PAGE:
The Achilles morpho, or blue-banded morpho, is a neotropical butterfly, found in rainforest habitats at altitudes between sea level and 1000m. It is a widespread species with 8 named subspecies, found from Colombia, Venezuela and Guyana, south along the astern Andes to Peru and Bolivia.
The dazzling blue wings of morpho butterflies are enormous relative to their body size, resulting in a very distinctive slow, bouncy flight pattern. The effect is that the brilliant blue upperside appears to flash like a beacon as it alternates in flight with the dark undersurface. This makes it difficult for a bird to follow the flight. If attacked when on the wing, the slow lazy flight pattern instantly changes into a wild swooping evasive manoeuvre, following which the butterfly dives into the forest where it instantly settles. A pursuing bird is still of course searching for a brilliant blue insect, but the morpho snaps its wings shut, displaying the dark brown underside and foiling the bird's search program. If the bird does manage to spot the settled butterfly it invariably aims its attack at the most prominent feature - in this case the ocelli, missing the body entirely and allowing the butterfly to escape.
Males of achilles patrol back and forth along rivers and streams, searching for females. They are most active in the mornings, and spend most of the afternoon visiting sap runs, feeding at rotting fruit or sitting motionless on foliage in the darkness of the forest. Females are seen far less frequently.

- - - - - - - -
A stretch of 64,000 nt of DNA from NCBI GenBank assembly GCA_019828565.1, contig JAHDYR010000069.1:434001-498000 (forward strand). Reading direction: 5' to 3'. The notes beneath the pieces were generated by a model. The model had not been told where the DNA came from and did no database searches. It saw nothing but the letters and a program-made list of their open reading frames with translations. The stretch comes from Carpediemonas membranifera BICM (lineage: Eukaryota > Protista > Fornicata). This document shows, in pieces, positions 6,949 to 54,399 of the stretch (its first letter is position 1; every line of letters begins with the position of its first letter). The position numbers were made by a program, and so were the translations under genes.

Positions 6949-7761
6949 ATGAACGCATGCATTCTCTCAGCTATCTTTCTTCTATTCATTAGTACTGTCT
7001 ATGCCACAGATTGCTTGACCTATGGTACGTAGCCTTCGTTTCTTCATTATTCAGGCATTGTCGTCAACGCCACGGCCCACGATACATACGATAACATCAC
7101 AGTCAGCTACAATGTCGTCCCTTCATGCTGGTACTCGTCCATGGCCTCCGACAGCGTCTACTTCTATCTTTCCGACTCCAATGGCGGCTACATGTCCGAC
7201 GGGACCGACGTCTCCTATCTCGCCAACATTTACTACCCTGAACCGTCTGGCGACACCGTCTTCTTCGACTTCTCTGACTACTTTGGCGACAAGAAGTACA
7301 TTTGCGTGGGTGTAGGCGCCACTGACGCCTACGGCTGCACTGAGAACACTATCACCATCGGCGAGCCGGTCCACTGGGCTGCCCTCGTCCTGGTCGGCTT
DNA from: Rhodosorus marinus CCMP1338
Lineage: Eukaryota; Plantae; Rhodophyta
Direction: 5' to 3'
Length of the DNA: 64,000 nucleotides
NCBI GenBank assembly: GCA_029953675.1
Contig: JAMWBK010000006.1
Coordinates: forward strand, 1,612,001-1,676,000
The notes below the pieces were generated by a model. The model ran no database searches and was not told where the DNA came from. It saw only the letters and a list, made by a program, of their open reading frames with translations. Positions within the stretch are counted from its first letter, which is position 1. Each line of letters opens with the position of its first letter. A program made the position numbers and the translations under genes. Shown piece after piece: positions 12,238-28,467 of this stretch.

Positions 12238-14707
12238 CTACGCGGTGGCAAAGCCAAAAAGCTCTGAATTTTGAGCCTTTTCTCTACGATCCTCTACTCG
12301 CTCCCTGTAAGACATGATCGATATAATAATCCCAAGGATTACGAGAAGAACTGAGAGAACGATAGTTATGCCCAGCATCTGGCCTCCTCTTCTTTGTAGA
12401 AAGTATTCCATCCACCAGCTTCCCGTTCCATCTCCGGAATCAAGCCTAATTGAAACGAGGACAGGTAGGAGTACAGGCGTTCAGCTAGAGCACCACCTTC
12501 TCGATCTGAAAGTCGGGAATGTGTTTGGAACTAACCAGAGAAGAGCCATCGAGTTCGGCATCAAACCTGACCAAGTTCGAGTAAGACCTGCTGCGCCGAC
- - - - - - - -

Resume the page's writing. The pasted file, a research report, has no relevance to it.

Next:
Both sexes close their wings immediately upon landing, but periodically flick them open to give the briefest glimpse of the dazzling blue upperside. This behaviour is most pronounced in mud-puddling males, which repeatedly flicker their wings as they hop about on the ground seeking dissolved minerals.
The refractive properties of the scales on the wings has been studied as a model in the development of biomimetic fabrics, dye-free paints, and anticounterfeit technology used in currency.
A brief bit of internet wisdom about refraction:
The microscopic scales covering the morphos’ wings reflect incident light repeatedly at successive layers, leading to interference effects that depend on both wavelength and angle of incidence/observance. Thus, the colours appear to vary with viewing angle, but they are actually surprisingly uniform, perhaps due to the tetrahedral (diamond-like) structural arrangement of the scales or diffraction from overlying cell layers. The wide-angle blue reflection property can be explained by exploring the nanostructures in the scales of the morpho butterfly wings. These optically active structures integrate three design principles leading to the wide-angle reflection: alternative lamellae layers, Christmas tree-like shape, and zigzag pattern of the ridges. The reflection spectrum is found to be broad (about 90 nm) for alternating layers and can be controlled by varying the design pattern. The Christmas tree-like pattern helps to reduce the directionality of the reflectance by creating an impedance matching for blue wavelengths. In addition, the zigzag pattern of ridges destroys the unwanted interference for other wavelengths in wide angle.
This butterfly has been prepared in the UK to museum standards and is displayed in a deep handmade shadowbox frame, mounted on white conservation-grade foam. The back of the frame is covered in really special Italian decorative paper, with a brass hook for hanging it on the wall (but it also stands perfectly on a mantlepiece or a table). It is completely sealed inside the frame and will last for generations.